Naturally, skepticism remains. Some argue that overbearing government support has fueled inflation, and the Federal Reserve has indicated that it may dial back its programs in response. Others feel that this support is still insufficient, and they continue to advocate for additional unemployment insurance and a reinstatement of the eviction-ban struck down by the Supreme Court [6]. At the same time, economic growth has begun to slow in the US and UK, while some countries have not recovered at all. This has stoked fears of “stagflation”, a noxious mix of high inflation and low growth that last reared its ugly head in the 1970s. Likewise, worker discontent has boiled over. The rate at which workers have been quitting their jobs is at a 20-year high [6] Garnering the moniker “Striketober”, October has been punctuated by strikes from film and TV workers, Kaiser Permanente healthcare professionals, United Auto Workers, and other groups [8]. Overall, the US and global economies still have obstacles to grapple with.



The number of monthly job openings is at a new high, but the job quitting rate is as well [6].

Regardless, the COVID-19 global health crisis altered the way people work by turning them to digital conduits and entrepreneurial pursuits. Not to mention, it instigated a shift in monetary and fiscal philosophy, one that may survive if the economy continues to recover and future policy is successful. For better or for worse, the future rests on the COVID economy.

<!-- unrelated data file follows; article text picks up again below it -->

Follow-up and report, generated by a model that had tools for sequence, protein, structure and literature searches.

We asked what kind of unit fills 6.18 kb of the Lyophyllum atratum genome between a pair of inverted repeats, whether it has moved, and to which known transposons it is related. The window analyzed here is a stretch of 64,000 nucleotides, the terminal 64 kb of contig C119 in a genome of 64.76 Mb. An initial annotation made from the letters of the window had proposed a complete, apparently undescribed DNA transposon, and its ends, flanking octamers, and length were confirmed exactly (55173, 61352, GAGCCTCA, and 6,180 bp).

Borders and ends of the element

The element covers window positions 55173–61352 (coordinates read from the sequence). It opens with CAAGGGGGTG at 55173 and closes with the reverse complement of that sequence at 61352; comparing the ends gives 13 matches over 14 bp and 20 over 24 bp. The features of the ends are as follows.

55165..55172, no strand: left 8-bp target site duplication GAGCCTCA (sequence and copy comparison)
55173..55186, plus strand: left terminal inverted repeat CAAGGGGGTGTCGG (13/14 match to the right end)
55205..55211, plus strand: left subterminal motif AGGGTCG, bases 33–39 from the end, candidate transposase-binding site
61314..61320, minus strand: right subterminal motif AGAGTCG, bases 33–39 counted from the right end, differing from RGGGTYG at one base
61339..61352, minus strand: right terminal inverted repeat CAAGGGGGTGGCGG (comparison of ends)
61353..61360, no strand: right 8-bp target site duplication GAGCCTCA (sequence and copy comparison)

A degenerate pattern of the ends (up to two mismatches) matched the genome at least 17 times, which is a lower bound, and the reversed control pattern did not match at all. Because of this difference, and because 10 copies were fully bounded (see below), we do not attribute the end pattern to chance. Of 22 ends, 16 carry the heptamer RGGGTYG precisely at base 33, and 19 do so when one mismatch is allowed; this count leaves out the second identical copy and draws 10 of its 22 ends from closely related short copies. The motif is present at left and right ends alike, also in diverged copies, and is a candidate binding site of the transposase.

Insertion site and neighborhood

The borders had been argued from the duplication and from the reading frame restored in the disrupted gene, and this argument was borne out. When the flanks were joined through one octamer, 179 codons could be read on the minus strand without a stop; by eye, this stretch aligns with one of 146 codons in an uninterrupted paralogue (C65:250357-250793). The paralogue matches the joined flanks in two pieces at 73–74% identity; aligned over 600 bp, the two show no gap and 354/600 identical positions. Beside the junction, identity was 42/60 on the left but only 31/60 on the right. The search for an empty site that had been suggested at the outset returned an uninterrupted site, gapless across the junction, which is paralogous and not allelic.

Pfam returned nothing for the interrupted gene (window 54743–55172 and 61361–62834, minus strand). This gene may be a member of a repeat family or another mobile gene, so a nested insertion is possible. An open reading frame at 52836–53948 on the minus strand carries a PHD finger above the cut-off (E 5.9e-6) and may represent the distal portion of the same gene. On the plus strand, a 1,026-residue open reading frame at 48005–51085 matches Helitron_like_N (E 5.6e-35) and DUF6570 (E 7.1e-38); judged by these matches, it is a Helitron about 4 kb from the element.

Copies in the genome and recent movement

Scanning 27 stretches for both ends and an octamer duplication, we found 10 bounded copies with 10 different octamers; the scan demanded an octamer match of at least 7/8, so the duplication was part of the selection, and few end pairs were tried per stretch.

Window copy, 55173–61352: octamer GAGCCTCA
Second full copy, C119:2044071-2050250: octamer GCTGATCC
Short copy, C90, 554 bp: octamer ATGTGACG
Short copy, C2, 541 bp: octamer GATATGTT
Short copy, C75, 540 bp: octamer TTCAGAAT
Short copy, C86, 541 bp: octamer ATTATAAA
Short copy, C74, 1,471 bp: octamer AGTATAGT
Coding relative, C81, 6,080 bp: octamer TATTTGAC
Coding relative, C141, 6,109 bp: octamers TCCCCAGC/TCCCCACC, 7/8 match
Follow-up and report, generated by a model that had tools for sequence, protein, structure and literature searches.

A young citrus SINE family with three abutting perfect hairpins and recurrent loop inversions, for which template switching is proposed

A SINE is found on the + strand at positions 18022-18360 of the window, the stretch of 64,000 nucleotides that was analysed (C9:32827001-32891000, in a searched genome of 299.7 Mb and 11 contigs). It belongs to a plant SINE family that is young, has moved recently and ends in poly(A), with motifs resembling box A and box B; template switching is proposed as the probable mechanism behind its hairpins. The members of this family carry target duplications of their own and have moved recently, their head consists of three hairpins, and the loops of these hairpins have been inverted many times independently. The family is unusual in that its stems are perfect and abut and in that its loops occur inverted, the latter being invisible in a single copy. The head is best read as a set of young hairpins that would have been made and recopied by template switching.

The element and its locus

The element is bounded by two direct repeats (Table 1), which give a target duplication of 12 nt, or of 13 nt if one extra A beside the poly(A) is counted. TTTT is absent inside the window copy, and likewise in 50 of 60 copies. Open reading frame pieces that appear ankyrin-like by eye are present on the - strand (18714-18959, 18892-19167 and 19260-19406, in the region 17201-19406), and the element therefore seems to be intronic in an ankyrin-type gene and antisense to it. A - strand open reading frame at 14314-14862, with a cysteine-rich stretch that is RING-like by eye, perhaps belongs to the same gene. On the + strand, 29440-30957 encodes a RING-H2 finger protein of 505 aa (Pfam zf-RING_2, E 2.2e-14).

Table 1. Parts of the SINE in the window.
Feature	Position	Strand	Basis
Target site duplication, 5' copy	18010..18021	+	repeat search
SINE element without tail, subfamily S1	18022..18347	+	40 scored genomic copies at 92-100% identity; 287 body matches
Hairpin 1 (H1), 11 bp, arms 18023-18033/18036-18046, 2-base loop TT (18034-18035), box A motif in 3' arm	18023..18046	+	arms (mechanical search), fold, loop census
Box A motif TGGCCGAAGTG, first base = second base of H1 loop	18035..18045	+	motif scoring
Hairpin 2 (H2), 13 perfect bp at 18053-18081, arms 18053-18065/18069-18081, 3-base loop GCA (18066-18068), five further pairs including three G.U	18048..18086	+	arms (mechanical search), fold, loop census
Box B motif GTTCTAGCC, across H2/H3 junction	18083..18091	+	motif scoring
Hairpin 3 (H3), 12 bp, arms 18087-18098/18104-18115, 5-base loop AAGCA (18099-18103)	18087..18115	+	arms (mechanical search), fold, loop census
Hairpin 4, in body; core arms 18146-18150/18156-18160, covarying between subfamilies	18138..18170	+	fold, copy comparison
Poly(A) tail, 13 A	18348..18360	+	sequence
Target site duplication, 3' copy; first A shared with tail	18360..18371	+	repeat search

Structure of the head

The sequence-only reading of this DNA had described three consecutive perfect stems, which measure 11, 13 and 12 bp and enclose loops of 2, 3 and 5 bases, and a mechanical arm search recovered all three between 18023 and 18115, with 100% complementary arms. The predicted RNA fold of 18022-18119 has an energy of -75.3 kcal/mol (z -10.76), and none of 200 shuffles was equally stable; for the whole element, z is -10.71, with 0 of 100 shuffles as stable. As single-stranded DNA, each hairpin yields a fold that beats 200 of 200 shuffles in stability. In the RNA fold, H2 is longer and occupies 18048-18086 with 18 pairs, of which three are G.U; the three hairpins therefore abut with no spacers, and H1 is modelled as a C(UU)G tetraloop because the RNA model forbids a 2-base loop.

References


[1] TayebMEZAHDIA. “Covid-19 Coronavirus Economy - Free Photo on Pixabay.” Pixabay.com, August 24, 2020. https://pixabay.com/photos/covid-19-coronavirus-economy-5511070/.


[2] Bauer, Lauren, Kristen E Broady, Wendy Edelberg, and Jimmy O’Donnell. “Ten Facts about COVID-19 and the U.S. Economy.” Brookings. Brookings, September 17, 2020. https://www.brookings.edu/research/ten-facts-about-covid-19-and-the-u-s-economy/.


[3] “CPI Home : U.S. Bureau of Labor Statistics.” Bureau of Labor Statistics, October 11, 2017. https://www.bls.gov/cpi/.


[4] “Startups Boom in the United States during COVID-19.” PIIE, February 17, 2021. https://www.piie.com/blogs/realtime-economic-issues-watch/startups-boom-united-states-during-covid-19.


[5] Boesler, Matthew. “The Covid Trauma Has Changed Economics—Maybe Forever.” Bloomberg Quint, June 2021. https://www.bloombergquint.com/global-economics/stimulus-checks-2021-is-government-cash-as-economic-policy-here-to-stay.


[‌6] Barnes, Mitchell, Lauren Bauer, and Wendy Edelberg. “11 Facts on the Economic Recovery from the COVID-19 Pandemic.” Brookings, September 29, 2021. https://www.brookings.edu/research/11-facts-on-the-economic-recovery-from-the-covid-19-pandemic/.


[7] “‘Striketober’ : Growing Number of U.S. Workers Are Pushing Back Against Employers.” PBS, October 18, 2021. https://www.pbs.org/newshour/show/striketober-growing-number-of-u-s-workers-are-pushing-back-against-employers.

‌“A Stock Market Malaise with the Shadow of ’70s-Style Stagflation.” The New York Times, 2021. https://www.nytimes.com/2021/10/13/business/stocks-inflation-stagflation.html